It was a very good week in the faceoff circle in that the Caps were over 50 percent in all three games and over 50 percent in two of the three zones for the week.  Only a 49.0 percent finish – one under 50 percent (24-for-49) -- in the offensive zone blemished the week.  At the game level, they won in the offensive zone once in three games (against Boston), in all three games in the defensive zone, and in two of three games in the neutral zone (against the Islanders and Canadiens).  Perhaps most impressive was the Caps holding their own (53.6 percent, their best mark of the three games) against the third-best team in the league in taking draws (Boston).

At the individual level, Nicklas Backstrom stood out, winning 31 of 53 draws (58.5 percent), including 15 of 19 against Montreal.  Jay Beagle also finished above 50 percent for the week among the four Caps taking at least ten draws (14-for-26).  The other two Caps in that category finished under 50 percent for the week (Lars Eller: 13-for-28; Evgeny Kuznetsov: 13-for-30).

Goals by Period:

Giving up first period goals has started to creep into the Caps’ game.  Although the Caps still do lead the league in fewest first period goals allowed (23), they allowed one to both Boston and Montreal to end the week.  Worse, though, was the four goals allowed in the third periods of games.  One of them was an empty netter against the Islanders, and one was a window dressing goal scored late by the Bruins, but one still would like to see better (read: stingier) finishes in games.

The goals allowed covered up, to an extent, the strong starts and finishes in games for the week.  The Caps scored goals in the first and third periods in all three games.  In fact, the only period of the nine in which they did not score a goal was the second period against the Islanders in the first game of the week.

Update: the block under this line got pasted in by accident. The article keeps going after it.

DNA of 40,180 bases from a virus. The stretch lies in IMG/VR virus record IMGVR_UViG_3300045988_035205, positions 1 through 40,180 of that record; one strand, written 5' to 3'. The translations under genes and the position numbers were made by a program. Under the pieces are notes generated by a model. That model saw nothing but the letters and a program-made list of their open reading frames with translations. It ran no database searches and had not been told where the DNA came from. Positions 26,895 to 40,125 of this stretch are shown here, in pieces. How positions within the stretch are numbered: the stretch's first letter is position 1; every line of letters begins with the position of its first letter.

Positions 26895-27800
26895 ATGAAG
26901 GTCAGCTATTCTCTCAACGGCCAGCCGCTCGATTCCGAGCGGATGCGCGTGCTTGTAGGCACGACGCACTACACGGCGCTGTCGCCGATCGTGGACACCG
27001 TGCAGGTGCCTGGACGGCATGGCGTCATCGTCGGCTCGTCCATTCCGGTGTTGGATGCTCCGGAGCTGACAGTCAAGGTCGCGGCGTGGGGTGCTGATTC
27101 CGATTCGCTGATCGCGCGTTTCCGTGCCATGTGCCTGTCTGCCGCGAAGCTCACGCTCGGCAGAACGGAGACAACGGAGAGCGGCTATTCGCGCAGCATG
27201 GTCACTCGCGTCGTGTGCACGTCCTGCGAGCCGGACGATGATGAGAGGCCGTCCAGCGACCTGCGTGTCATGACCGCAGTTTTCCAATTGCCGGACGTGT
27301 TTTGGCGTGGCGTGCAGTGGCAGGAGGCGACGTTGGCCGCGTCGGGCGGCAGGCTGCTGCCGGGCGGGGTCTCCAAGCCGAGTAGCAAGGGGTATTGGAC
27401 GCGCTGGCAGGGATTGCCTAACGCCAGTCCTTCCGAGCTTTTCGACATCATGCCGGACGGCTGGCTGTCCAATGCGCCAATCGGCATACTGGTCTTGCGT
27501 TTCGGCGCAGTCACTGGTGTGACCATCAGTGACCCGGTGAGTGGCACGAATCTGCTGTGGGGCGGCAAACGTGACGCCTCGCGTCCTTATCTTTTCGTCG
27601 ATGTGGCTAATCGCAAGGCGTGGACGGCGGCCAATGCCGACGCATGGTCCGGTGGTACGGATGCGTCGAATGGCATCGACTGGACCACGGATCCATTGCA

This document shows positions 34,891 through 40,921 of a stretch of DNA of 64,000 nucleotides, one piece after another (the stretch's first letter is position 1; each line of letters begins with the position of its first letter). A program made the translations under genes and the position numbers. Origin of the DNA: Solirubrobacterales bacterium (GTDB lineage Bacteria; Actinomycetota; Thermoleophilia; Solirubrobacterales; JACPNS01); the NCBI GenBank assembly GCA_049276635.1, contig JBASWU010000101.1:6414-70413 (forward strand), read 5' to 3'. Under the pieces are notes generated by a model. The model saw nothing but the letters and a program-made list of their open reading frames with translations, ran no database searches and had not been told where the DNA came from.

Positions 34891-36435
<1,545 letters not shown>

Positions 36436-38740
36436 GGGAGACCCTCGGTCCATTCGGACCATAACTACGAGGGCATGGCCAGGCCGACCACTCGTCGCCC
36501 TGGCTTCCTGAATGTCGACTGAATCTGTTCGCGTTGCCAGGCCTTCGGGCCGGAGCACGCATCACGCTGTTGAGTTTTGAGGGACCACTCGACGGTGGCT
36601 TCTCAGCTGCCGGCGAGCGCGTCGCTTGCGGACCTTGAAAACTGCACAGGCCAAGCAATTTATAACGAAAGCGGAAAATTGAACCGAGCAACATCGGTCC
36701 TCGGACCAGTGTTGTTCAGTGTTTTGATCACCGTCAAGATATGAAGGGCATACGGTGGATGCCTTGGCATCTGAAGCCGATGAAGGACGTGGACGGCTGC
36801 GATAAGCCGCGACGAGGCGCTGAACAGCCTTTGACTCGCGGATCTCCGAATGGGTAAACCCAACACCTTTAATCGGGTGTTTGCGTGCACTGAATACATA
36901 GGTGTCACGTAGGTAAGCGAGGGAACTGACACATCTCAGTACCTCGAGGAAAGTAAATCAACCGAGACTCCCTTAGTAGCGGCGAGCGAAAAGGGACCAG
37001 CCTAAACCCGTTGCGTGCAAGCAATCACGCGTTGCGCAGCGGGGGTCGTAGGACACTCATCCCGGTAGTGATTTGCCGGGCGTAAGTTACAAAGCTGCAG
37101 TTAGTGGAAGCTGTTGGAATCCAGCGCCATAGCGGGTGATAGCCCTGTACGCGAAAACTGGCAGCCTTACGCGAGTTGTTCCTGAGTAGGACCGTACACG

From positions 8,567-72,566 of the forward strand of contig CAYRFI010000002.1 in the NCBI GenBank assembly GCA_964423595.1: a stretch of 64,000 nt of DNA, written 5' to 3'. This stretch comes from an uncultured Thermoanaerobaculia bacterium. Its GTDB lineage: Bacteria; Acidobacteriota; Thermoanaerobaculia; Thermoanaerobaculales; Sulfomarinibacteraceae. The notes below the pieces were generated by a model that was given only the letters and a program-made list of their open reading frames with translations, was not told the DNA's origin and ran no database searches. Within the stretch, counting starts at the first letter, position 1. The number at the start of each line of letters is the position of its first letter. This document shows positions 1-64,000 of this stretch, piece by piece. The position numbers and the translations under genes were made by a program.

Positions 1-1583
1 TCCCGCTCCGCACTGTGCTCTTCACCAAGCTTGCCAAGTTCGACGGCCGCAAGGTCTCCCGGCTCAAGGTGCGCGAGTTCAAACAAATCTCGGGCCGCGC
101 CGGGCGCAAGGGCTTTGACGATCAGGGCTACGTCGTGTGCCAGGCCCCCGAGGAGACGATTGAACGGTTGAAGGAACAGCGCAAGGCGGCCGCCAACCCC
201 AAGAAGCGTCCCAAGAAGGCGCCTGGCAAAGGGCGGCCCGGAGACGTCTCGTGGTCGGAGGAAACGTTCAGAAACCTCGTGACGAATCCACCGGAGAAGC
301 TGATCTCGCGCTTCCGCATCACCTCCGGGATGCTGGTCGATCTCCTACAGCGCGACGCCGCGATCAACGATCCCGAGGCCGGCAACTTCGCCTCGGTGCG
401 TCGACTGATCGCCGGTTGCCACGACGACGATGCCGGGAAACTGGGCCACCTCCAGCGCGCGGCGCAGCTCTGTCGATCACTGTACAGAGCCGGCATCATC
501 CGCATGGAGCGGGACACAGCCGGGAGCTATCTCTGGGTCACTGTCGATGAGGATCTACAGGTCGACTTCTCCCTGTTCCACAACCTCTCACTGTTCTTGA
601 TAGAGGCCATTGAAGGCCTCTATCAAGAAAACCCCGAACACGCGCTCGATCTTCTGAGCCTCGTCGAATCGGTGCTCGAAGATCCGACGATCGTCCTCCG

In the end…

The Caps finished the week with 52 games on their record and the top spot in the league’s standings, a spot they have occupied since January 15th.  Going 2-1-0 might not sound especially impressive for a single week, but if the Caps do that over their last 30 games, they will finish with 116 points, the third highest standings points total in team history, and as likely as not their second straight Presidents Trophy (116 points has been exceeded for the prize six times in 10 full seasons since the 2004-2005 lockout, twice by the Caps).

Washington will be hard-pressed to sustain their success going into Week 18.  It is a four-game week with teams in a variety of circumstances – the Los Angeles Kings trying to hold onto, at a minimum, the wild card spot their currently occupy in the Western Conference; the Carolina Hurricanes, just a few points on the outside looking in on the playoffs; the Detroit Red Wings, desperately trying to extend their streak of postseason appearances to a 26th season; and the Anaheim Ducks, trying to overtake the San Jose Sharks for the top spot in the Pacific Division.

This is a team that has risen to a variety of challenges through 52 games this season in their climb to the top of the league standings.  They appear to have shaken off most of the rust that accumulated over the All-Star break in winning Week 17.  Week 18 will be another challenge to be met and overcome.

Three Stars:
  • First Star: Nicklas Backstrom (2-3-5, plus-2, 1 GWG, 3-for-53 (58.5 percent) on faceoffs)
  • Second Star: Evgeny Kuznetsov (2-2-4, plus-1)
  • Third Star: Matt Niskanen (0-3-3, plus-1, 5 blocked shots, almost 23 minutes of ice time per game)